Multifamily Developer Confidence Declines in First Quarter

Confidence in the market for new multifamily housing declined year-over-year in the first quarter of 2024, according to results from the Multifamily Market Survey (MMS) released today by the National Association of Home Builders (NAHB).  The MMS produces two separate indices.  The Multifamily Production Index (MPI) had a reading of 47, down three points year-over-year, while the Multifamily Occupancy Index (MOI) had a reading of 83, up one point year-over-year.

Multifamily developers are concerned about higher interest rates for construction and development loans, tight lending conditions that are taking place in the market right now, and difficulty with getting projects approved.  While owners of existing apartments continue to report strong occupancy, this has the potential to soften in the near future given the number of units currently under construction.  NAHB is currently projecting that multifamily starts will fall 28% this year as developer activity slows.

Multifamily Production Index (MPI)

The MPI is a weighted average of four key market segments: three in the built-for-rent market (garden/low-rise, mid/high-rise, and subsidized) and the built-for-sale (or condominium) market.  The survey asks multifamily builders to rate the current conditions as “good”, “fair”, or “poor” for multifamily starts in markets where they are active.  The index and all its components are scaled so that a number above 50 indicates that more respondents report conditions as good rather than poor.

All four of the components posted year-over-year declines: the component measuring garden/low-rise declined two points to 55, the component measuring mid/high-rise units fell five points to 36, the component measuring subsidized units dipped one point to 50 and the component measuring built-for-sale units posted a three-point decline to 39 (Figure 1).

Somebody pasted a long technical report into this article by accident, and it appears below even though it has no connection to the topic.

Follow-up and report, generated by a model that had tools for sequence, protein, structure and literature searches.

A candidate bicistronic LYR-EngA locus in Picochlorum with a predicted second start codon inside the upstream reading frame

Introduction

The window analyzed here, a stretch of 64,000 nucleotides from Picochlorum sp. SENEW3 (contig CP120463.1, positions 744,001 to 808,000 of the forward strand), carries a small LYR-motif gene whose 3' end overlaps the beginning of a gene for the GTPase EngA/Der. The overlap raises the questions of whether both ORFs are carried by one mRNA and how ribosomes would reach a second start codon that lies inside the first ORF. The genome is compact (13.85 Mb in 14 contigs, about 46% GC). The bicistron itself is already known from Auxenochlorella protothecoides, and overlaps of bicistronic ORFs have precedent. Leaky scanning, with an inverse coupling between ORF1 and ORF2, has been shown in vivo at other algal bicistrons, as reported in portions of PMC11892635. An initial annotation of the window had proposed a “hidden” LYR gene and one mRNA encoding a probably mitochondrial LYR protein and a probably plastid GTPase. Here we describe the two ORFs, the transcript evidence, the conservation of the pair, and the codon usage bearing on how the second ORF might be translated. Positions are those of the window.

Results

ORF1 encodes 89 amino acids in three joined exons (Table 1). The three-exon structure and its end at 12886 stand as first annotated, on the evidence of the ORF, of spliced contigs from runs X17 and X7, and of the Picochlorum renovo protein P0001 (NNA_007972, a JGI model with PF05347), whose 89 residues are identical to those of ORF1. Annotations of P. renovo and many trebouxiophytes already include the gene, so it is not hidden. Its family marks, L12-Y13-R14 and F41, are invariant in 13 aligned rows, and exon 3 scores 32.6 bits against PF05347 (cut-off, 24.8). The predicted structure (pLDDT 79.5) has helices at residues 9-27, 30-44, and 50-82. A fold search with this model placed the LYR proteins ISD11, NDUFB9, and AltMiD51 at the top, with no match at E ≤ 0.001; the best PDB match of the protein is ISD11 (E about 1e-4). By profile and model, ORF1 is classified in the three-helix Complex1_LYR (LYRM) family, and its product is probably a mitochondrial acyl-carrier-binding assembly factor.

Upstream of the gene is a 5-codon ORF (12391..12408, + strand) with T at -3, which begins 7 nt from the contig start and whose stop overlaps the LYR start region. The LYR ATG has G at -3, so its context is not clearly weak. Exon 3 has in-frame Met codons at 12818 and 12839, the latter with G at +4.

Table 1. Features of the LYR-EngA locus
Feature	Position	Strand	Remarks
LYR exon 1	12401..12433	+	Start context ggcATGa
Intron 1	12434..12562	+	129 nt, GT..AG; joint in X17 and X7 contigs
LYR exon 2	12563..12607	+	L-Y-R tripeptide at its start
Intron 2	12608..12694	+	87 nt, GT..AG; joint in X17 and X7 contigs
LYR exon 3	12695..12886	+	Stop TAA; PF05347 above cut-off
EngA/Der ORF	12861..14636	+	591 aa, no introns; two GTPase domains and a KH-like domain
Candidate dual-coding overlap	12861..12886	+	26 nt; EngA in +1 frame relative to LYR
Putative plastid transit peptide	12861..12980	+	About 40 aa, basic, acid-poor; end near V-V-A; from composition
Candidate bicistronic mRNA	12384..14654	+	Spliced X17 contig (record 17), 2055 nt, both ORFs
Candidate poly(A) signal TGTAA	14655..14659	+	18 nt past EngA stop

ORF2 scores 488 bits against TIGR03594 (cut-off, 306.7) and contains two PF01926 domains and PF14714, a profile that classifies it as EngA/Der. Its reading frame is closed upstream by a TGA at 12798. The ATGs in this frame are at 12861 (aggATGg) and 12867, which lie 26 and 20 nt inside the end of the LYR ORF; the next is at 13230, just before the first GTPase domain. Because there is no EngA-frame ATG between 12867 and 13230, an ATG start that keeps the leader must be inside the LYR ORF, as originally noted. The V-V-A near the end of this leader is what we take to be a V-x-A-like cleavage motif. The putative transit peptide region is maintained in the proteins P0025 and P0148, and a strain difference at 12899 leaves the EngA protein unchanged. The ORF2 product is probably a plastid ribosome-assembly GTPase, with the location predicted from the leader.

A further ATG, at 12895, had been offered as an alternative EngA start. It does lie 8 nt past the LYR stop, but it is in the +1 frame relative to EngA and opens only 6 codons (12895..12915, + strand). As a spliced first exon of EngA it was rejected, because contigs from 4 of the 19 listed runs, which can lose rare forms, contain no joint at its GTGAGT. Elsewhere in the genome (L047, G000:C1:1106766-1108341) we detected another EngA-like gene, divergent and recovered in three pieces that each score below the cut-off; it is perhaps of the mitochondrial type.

Multifamily Occupancy Index (MOI)

The MOI is a weighted average of the three built-for-rent market segments (garden/low-rise, mid/high-rise and subsidized).  The survey asks multifamily builders to rate the current conditions for occupancy of existing rental apartments, in markets where they are active, as “good”, “fair”, or “poor”.  Similar in nature to MPI, the index and all its components are scaled so that a number above 50 indicates more respondents report that occupancy is good than report it as poor. 

The components measuring garden/low-rise units and mid/high-rise units both remained unchanged year-over-year, with a reading of 84 and 74, respectively. The component measuring subsidized units increased seven points to 94 (Figure 2).

The MMS was re-designed last year to produce results that are easier to interpret and consistent with the proven format of other NAHB industry sentiment surveys.  Until there is enough data to seasonally adjust the series, changes in the MMS indices should only be evaluated on a year-over-year basis.

Please visit NAHB’s MMS web page for the full report.

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